Use Google Forms to Make a Pivot Table

When students create a survey, they will likely ask demographic questions about the people answering the questionnaire. Demographics include data about a person such as age, gender, grade, class, or role such as student, parent, or teacher. These factors may influence what a person does, thinks, or believes.

  • Do grade 6 students have a different opinion than grade 7 students?
  • Do boys pick the same answers as girls? You can find out!

The answers of each subgroup can be compared using a pivot table. A pivot table allows you to place data into rows and columns to summarize information in a spreadsheet.

To create the pivot table, drag a multiple choice question into a row and the demographic question into a column. You will then get the program to count how many people in each subgroup selected a particular answer to the multiple choice question using COUNTA.

For example:

Make pivot table in Google Forms

  1. Open the spreadsheet with the responses.
  2. From the Data menu, select Pivot table report.
  3. Add the choices from the Multiple Choice question to the pivot table:
    1. In the Rows section, click Add field.
    2. Select the multiple choice question.

    multiple choice question

  4. Add the subgroups from the Demographic question to the pivot table:
    1. In the Columns section, click Add field.
    2. Select the demographic question.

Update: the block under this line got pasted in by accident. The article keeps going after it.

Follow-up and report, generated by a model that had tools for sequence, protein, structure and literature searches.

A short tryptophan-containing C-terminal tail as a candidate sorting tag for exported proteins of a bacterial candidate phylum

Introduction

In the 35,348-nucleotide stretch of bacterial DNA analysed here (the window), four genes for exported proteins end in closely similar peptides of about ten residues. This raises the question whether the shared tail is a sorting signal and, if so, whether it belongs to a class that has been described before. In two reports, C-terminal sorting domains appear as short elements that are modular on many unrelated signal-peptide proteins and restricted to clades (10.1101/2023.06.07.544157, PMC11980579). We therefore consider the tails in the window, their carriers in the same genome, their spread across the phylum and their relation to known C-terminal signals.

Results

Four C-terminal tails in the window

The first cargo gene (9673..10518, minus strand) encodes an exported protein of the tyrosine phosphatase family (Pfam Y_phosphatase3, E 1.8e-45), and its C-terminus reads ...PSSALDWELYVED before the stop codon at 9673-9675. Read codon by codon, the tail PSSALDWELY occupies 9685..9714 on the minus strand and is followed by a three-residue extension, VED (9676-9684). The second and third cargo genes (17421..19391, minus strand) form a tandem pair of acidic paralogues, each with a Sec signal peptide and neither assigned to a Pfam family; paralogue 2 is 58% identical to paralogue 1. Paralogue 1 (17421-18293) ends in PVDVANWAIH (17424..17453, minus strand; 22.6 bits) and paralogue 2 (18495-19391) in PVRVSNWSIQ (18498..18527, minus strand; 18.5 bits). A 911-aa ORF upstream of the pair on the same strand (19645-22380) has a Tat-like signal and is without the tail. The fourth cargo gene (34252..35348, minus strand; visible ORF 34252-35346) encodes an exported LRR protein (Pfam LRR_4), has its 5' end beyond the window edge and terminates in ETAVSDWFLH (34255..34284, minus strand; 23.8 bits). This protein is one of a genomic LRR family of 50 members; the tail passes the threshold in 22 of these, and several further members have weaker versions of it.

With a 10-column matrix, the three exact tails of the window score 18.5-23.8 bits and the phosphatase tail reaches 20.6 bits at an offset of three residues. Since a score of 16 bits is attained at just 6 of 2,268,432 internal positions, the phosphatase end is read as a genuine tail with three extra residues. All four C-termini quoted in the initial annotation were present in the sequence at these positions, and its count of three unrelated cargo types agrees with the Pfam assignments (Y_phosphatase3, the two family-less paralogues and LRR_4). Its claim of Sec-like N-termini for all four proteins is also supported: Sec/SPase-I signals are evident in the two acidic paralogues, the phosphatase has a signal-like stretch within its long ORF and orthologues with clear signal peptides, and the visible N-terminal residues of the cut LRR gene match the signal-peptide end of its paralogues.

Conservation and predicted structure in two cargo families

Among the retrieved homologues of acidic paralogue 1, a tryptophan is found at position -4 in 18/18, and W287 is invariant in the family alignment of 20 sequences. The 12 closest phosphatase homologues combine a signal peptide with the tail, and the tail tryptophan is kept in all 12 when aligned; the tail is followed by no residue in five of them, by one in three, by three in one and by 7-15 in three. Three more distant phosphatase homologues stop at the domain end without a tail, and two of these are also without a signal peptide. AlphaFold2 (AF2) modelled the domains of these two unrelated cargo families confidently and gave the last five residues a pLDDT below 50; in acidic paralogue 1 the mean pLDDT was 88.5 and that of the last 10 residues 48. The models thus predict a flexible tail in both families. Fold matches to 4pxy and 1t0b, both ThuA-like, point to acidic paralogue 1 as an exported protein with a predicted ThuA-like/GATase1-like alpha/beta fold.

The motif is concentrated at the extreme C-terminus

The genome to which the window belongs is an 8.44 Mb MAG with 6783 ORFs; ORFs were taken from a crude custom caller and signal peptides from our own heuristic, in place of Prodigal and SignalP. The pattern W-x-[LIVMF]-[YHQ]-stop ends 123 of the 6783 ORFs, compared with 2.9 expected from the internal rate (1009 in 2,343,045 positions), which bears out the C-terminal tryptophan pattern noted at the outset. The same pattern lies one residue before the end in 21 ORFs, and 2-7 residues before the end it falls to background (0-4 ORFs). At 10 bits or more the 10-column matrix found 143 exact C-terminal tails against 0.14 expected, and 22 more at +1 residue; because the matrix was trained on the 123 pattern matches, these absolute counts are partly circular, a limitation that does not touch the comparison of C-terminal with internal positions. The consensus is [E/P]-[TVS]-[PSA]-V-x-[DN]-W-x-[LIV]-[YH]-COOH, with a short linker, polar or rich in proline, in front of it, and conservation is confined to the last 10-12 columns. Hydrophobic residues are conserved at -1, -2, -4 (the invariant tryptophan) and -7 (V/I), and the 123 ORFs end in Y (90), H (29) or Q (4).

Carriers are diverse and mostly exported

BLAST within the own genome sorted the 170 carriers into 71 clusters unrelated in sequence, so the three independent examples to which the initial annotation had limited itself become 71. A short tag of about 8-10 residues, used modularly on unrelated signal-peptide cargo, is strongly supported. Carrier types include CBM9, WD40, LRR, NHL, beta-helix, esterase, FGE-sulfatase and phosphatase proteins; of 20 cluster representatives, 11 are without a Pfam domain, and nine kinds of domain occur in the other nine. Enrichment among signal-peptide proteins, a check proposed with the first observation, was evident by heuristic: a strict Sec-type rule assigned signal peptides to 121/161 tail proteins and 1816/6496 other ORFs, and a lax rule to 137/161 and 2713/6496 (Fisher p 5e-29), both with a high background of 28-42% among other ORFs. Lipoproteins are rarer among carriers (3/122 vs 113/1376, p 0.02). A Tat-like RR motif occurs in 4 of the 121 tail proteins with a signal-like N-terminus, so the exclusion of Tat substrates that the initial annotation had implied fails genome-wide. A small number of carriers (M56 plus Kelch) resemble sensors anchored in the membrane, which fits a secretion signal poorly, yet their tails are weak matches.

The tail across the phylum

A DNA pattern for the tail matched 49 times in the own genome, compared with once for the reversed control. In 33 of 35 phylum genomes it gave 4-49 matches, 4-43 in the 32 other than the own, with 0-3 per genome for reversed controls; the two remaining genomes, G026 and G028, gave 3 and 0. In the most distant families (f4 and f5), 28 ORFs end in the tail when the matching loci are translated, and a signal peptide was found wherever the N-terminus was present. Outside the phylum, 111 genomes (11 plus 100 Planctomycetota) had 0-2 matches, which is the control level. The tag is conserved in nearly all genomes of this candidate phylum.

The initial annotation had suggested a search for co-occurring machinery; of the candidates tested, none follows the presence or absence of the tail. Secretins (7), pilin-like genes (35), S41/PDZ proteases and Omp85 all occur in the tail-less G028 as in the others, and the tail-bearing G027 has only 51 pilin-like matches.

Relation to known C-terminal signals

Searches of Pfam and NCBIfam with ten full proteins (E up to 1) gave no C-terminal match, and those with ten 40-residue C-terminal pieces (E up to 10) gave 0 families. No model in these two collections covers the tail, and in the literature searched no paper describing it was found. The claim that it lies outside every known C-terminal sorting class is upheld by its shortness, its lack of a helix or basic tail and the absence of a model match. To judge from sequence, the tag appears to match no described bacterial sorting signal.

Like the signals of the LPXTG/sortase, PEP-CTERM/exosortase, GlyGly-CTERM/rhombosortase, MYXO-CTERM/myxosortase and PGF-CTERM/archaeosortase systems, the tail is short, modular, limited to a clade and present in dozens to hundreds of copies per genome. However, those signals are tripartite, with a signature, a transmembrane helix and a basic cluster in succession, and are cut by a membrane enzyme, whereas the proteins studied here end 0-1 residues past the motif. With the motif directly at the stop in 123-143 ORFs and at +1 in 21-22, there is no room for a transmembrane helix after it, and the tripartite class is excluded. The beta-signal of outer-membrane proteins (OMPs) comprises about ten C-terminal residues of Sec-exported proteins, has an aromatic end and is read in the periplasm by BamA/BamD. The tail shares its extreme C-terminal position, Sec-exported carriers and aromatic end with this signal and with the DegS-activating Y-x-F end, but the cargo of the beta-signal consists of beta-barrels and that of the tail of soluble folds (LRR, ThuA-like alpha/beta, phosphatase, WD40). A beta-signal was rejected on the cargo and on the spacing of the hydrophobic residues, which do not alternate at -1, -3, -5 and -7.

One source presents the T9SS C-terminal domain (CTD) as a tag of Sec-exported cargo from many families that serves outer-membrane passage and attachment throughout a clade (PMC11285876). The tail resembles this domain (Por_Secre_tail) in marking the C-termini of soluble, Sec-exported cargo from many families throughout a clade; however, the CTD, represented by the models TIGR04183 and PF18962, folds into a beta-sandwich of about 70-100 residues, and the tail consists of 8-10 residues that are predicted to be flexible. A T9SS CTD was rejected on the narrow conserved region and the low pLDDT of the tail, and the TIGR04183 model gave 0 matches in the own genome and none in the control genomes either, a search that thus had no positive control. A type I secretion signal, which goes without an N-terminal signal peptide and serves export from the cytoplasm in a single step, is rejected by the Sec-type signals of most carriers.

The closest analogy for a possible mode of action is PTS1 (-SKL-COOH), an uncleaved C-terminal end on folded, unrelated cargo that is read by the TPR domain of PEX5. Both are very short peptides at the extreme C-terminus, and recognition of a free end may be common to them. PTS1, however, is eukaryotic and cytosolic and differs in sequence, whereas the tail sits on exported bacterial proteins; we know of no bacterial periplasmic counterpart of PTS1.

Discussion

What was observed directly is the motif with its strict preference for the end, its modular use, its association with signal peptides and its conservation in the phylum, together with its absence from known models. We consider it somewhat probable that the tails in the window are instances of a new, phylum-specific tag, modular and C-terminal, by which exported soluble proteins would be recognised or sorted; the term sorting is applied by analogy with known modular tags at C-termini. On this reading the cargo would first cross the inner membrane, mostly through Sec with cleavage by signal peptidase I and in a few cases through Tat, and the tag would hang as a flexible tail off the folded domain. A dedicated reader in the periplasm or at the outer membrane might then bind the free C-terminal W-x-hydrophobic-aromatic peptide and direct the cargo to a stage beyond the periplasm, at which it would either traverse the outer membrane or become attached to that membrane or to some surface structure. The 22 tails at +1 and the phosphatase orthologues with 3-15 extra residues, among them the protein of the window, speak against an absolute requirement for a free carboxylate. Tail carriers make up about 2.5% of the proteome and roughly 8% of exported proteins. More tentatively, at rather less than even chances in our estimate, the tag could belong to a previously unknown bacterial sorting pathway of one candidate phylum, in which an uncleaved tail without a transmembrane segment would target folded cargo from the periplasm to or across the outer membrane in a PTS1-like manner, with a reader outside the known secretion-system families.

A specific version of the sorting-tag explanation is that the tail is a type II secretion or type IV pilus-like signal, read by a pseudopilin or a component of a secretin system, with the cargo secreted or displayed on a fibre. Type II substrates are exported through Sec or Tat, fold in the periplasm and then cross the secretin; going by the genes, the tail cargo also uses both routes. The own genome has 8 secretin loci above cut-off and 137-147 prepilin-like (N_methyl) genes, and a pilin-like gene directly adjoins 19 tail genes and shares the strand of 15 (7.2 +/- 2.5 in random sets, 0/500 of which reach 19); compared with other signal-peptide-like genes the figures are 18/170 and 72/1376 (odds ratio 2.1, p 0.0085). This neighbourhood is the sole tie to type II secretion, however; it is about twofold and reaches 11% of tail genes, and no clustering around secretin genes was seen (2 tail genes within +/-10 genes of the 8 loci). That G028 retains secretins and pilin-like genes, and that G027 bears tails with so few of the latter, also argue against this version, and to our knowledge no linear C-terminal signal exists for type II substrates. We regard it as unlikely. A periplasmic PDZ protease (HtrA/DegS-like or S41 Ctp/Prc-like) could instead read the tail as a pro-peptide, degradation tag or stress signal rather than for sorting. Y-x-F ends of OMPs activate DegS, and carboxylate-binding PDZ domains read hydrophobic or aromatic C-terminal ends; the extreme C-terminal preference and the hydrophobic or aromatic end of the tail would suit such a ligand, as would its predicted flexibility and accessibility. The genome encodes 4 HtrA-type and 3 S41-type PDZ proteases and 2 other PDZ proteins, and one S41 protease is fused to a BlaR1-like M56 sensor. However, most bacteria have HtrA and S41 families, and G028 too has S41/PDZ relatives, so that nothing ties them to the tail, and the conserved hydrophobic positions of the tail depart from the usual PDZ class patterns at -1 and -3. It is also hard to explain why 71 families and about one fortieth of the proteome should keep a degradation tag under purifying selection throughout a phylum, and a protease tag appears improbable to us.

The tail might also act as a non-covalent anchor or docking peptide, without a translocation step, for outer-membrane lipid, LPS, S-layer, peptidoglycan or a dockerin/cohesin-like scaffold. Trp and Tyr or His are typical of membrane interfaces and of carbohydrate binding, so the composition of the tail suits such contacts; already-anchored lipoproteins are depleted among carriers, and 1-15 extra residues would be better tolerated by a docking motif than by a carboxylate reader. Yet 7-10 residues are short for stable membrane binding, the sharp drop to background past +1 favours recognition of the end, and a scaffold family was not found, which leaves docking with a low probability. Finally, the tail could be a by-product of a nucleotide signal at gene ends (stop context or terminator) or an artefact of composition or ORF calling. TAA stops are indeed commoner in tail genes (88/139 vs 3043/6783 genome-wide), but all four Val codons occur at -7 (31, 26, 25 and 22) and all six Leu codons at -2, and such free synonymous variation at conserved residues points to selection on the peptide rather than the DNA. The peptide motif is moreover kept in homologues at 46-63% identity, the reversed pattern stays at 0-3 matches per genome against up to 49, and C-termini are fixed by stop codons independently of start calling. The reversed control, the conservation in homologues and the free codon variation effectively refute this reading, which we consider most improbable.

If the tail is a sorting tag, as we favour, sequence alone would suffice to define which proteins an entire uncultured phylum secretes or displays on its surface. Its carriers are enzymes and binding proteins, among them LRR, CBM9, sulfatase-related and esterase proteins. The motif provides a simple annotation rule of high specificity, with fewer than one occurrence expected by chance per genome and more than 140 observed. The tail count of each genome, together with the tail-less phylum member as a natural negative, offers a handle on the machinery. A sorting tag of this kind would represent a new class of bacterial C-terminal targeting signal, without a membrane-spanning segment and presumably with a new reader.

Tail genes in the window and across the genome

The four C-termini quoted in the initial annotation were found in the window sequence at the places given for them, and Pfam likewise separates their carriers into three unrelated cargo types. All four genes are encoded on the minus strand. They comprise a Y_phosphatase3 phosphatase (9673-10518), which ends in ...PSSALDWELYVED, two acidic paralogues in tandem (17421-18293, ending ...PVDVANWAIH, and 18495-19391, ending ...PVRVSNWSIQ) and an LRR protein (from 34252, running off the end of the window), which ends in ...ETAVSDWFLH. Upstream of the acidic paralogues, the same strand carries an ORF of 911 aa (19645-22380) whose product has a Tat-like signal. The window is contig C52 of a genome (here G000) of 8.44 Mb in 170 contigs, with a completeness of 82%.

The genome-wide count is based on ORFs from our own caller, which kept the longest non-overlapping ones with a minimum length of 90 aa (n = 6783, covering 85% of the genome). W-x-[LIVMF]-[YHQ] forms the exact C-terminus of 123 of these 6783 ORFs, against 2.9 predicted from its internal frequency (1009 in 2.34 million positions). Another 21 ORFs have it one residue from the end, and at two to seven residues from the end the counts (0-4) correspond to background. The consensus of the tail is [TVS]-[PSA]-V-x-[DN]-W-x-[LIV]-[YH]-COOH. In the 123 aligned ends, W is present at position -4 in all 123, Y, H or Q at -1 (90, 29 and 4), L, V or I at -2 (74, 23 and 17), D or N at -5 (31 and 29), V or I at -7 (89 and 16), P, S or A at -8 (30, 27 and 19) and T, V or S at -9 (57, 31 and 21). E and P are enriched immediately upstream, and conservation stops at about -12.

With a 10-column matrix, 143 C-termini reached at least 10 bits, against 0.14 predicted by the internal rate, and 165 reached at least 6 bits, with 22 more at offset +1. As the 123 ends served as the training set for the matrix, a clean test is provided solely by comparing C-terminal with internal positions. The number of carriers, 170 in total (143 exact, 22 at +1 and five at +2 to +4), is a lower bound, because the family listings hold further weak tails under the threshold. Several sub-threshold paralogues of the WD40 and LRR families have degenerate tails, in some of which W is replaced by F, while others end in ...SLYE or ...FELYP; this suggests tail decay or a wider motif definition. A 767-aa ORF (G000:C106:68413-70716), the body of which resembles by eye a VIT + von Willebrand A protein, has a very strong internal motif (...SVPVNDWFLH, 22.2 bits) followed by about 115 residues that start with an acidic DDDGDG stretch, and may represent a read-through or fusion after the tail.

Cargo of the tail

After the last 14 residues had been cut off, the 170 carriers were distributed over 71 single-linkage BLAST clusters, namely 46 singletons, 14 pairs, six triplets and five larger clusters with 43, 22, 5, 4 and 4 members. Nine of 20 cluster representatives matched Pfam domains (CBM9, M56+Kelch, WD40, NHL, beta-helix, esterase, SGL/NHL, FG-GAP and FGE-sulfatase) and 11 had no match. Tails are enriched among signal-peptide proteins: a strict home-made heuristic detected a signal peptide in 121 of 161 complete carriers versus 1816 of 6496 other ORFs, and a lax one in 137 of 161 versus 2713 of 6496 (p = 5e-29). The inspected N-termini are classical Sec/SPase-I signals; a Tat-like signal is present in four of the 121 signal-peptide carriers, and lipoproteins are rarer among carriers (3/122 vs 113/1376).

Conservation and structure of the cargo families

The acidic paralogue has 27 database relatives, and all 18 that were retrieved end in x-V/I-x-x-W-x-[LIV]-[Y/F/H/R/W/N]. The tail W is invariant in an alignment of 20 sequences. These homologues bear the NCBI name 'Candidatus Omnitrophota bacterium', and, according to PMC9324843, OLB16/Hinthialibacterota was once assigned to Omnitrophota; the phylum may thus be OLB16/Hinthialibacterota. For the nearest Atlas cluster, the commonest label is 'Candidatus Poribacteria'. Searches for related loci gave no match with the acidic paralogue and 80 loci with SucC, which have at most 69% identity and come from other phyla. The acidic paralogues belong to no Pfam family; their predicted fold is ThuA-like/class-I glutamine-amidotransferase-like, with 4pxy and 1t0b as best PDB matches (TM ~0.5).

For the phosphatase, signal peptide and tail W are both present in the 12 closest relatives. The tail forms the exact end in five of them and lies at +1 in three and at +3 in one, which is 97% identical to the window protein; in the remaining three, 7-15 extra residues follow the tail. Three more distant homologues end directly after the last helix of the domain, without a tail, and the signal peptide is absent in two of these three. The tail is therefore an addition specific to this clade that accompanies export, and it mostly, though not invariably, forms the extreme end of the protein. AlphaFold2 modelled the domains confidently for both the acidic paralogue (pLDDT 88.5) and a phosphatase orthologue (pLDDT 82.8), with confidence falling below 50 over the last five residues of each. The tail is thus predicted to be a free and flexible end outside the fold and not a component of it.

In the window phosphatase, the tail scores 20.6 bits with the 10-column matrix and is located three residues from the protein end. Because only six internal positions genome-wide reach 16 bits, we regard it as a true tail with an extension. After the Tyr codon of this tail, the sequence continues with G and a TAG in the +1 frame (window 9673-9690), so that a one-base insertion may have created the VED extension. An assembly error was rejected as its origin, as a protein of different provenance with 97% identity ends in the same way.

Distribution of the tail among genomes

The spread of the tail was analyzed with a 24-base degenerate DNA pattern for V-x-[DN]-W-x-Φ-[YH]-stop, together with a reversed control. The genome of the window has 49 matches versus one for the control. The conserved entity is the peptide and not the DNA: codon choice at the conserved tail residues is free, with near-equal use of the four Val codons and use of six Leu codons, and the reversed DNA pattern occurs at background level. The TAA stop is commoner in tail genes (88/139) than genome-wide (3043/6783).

5. Count the number of people that picked each choice:
    1. In the Values section, click Add field.
    2. Select the multiple choice question.
    3. multiple choice question

    4. In the Report Editor pane, click the Summarize by: arrow. Select COUNTA.
    5. counta

      The default is SUM. This is used for numbers. Your data is text.
      You must use COUNTA because this formula can count each text choice.

    6. The table should look something like this:
    7. pivot table

  6. Analyze your data:
    1. What demographic question did you use?
    2. What were the subgroups or options list for the demographic question?
    3. What multiple choice question did you use?
    4. What were the choices for the multiple choice question?
    5. Were the answers the SAME for each subgroup? If no, what were the differences?
    6. If the answers are similar you can generalize the findings to the population because demographic data did not influence answers. If the answers are VERY different you may need to adjust your conclusions when applying them to the population. Does this information change your research conclusions?
  7. To return to the spreadsheet, click Form Responses 1 at the bottom of the window.

Pivot tables allow you to analyze selected parts of your data to make conclusions. Do the general summary conclusions apply to the entire population? Or, does the pivot table let you see how specific portions of the population show significantly different results?

Christa Love

Christa Love, Vice President - Christa Love has a passion for education and technology. A graduate from Brock University she has an Honors Bachelor of Arts in Child Development, Bachelor of Education in Primary and Junior divisions, and Masters of Education in the area of Curriculum Studies. Her work at TechnoKids Inc. began more than twenty years ago as an instructor at a local learning center. Since that time she has operated the summer camp program, taught at the research and development center at John Knox Christian School, trained educators throughout the province on issues related to technology integration, and overseen the curriculum development of hundreds of technology projects. In recent years, Christa has become the vice president of TechnoKids Inc.

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